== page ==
Fields, Hedges and Ditches
By Nigel Harvey
(Shire, Paperback, 9780852638682, 32pp.)
Publication Date: February 15, 2011
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The fields of the farming landscape in Britain are the result of a long series of past efforts and achievements and have much to tell us about the life and work those who lived in the past. They have been won with infinite skill and labor from wild nature and adapted to changing needs, so that their present boundaries may preserve the memory of a Roman road, a medieval peasant, a Hanoverian Act of Parliament or a Victorian magnate.
Fields, Hedges and Ditches describes the making and changing of the field system in Britain and the part played in it by the engineer and the industrialist as well as by the farmer. It explains where the open-field system can still be seen in operation, how certain ridges and hedges recall the medieval ox-teams, why Thomas Becket and Shelley deserve a place in farming history, why the field patterns of some areas are irregular and others orderly, and what evidence Victorian novels provide of the importance of land drainage.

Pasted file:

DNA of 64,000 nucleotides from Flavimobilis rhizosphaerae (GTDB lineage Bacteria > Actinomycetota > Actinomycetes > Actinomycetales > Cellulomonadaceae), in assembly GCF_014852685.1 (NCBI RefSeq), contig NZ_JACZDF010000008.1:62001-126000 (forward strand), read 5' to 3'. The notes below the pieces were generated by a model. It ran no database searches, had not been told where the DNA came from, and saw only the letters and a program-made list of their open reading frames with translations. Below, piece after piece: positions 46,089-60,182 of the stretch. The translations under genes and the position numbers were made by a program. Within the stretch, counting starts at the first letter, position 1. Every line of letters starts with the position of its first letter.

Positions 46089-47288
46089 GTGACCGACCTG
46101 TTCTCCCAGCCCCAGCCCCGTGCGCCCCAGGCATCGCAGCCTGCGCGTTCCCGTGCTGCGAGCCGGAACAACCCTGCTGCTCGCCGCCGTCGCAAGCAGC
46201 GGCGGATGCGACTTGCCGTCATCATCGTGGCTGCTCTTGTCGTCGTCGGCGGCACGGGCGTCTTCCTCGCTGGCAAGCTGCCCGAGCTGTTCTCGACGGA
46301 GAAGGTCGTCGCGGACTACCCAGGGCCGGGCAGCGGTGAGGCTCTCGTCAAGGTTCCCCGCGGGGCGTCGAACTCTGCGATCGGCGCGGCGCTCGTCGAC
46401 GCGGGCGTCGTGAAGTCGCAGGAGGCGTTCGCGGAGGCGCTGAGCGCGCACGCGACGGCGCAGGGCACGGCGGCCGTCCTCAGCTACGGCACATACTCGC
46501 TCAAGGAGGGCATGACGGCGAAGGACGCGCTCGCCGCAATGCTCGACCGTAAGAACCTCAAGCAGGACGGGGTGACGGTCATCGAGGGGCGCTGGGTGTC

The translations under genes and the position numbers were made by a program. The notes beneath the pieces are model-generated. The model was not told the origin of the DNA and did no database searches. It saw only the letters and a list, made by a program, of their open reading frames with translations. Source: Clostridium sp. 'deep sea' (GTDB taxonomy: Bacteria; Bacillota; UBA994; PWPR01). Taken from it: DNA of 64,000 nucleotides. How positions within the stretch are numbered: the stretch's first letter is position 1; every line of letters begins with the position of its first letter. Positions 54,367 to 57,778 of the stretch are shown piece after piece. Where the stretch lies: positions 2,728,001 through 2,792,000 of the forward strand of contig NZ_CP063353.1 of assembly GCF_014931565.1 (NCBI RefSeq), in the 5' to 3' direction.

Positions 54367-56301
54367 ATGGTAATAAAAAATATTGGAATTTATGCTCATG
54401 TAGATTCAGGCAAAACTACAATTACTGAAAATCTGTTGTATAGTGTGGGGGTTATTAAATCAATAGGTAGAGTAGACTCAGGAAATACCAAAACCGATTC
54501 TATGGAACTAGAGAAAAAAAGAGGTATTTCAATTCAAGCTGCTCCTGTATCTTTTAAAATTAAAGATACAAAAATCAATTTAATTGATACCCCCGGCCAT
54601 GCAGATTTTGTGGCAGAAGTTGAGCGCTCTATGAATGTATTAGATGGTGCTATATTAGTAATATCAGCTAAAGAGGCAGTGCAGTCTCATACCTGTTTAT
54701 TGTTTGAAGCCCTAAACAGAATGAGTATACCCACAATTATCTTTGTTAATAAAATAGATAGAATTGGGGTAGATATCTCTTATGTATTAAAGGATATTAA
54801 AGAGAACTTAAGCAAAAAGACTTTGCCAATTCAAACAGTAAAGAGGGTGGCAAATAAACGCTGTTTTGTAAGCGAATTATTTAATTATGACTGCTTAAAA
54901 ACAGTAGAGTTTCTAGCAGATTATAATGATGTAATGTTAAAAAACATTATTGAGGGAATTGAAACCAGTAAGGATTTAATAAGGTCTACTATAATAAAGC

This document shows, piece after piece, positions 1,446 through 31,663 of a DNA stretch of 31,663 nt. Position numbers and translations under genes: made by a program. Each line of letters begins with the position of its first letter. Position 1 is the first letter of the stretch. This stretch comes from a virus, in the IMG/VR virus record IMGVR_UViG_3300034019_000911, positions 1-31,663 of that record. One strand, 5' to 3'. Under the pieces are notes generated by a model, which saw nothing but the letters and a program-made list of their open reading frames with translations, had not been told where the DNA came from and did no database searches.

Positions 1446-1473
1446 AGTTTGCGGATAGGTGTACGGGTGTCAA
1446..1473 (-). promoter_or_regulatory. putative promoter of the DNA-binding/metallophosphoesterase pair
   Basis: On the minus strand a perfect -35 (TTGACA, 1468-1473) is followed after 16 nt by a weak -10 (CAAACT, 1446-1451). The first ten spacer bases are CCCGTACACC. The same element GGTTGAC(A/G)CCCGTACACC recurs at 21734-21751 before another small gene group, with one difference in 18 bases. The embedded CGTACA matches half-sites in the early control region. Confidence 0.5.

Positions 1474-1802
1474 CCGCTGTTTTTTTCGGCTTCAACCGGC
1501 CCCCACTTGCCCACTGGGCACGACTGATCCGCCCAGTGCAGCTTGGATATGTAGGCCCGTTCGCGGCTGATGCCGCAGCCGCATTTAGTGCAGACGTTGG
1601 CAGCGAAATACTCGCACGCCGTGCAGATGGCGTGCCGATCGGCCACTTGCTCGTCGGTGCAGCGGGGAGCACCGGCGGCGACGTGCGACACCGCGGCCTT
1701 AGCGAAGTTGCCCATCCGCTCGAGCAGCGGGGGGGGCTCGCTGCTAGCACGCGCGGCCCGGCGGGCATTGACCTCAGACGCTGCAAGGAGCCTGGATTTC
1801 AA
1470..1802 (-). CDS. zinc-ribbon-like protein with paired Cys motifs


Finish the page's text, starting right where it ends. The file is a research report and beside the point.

Nigel Harvey read history at Exeter College, Oxford, worked on a farm and later on a reclamation scheme, where, thanks to a consignment of heavy Lease-Lend tractors, he became one of the first men ever to plow one acre of British soil in one hour. He trained as a land agent and spent thirty years on the staff first of the Ministry of Agriculture, Fisheries and Food, then of the Agricultural Research Council, retiring in 1976. He wrote various books on farming and on farming history. He was the Chairman of the Historic Farm Buildings Group and Honorary Librarian of the Royal Agricultural Society of England.